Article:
It’s early days in Bristol Bay’s commercial salmon season. For the past several weeks, the boat yards have been filled with skippers and crew readying their vessels to hit the water. The draw of fishing the world’s largest sockeye run sometimes even leads hopefuls to hop on a plane with nothing but a ticket and a dream of finding a job.
The Bristol Bay Fish Expo in Naknek is playing matchmaker.
Men and women move seats at a long row of folding tables. Their goal: to convince the captains on the other side that they are the one.
Skippers Ante Vukic and Bob Bonanno both had crew members back out at the last minute. Both have in mind what they’re looking for in a match.
“Basically, safety and will to learn. Drug-free and alcohol, more or less free. Because that’s the biggest killer of the fishermen,” Vukic said.
“Basically, someone that’s not shy, that appears physically fit and just has a passion and doesn’t look to be prone to drama,” Bonanno said. “I don’t like drama on the boat.”
The lanky youth across the table from Bonanno looks at the skipper earnestly. He tells the man that he already knows his knots and hitches.
He’s been in Naknek for days. without a lot of success.
“I — well, tell you the truth, I haven’t really got a job yet. Thing is, before I flew down — I came from Tennessee,” Adam Henry said. “Saw some stuff on Facebook about the Fish Expo. So I had that in my mind. But I came down here early, walked the docks. And that didn’t work out so good. But I’m hoping I’m going to find my home for this time being here.”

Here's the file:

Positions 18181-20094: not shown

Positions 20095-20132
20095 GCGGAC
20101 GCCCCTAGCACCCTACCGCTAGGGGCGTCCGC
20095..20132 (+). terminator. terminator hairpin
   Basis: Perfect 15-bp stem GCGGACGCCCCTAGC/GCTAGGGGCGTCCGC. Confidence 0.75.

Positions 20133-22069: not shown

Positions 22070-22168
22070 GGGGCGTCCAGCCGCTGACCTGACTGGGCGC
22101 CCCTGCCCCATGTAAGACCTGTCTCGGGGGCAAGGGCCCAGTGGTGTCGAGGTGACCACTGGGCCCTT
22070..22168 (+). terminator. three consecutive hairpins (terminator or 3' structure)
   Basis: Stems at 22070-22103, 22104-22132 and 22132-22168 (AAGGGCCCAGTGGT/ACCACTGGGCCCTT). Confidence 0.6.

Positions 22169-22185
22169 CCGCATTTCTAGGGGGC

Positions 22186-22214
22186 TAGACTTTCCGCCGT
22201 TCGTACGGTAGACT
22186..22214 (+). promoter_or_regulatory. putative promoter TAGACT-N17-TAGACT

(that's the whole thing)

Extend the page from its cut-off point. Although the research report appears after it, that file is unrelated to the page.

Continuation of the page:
Henry’s story of walking the docks is pretty typical. That’s why speed-hiring has been a highlight event at the Bristol Bay Fish Expo for two years. Katie Copps-Wilson is an expo organizer.
“Actually, it came from Tinder, the dating website. And we were thinking about all the captains and crew that came up,” Copps-Wilson said. “There’s a lot of crew that are beating the docks looking for a boat, and there’s a lot of skippers out there looking for crew members. And it just seems like there was a lot of work going into those two things, so last year we came up with ‘speed dating,’ well which we term ‘speed hiring’ in order to connect captains and crew.”
The organizers settled on a structure more similar to old time speed dating than Tinder. Captains and crew don’t have to make a split second decision about whether or not they click.
“So I just think it’s really cool because it gives everybody an opportunity to visit and move on and kind of give an idea for the people, and it keeps people moving along, so they can kind of see what’s out there,” Copps-Wilson said. “Because if you just gave them one room, then, you know people like captains, they’ll cork everybody off.”
For you landlubbers, corking off is slang for putting out a net just outside someone else’s net and intercepting their fish.
So did this year’s captains find what they were looking for? Did they fill that hole in their crew?
Here’s what Ante Vukic and Bob Bonanno had to say
“Well, I met quite a few interesting people, younger people that they wanted to give it a chance,” Vukic said. “I was pretty happy with what I heard this morning, and I am planning to call this guy back and have a little longer interview with him.”
“I have two very good prospects, so I’m going to work on that a little bit, go through my notes and give one of them a call here shortly,” Bonanno said.
Sounds like more matches made in Bristol Bay.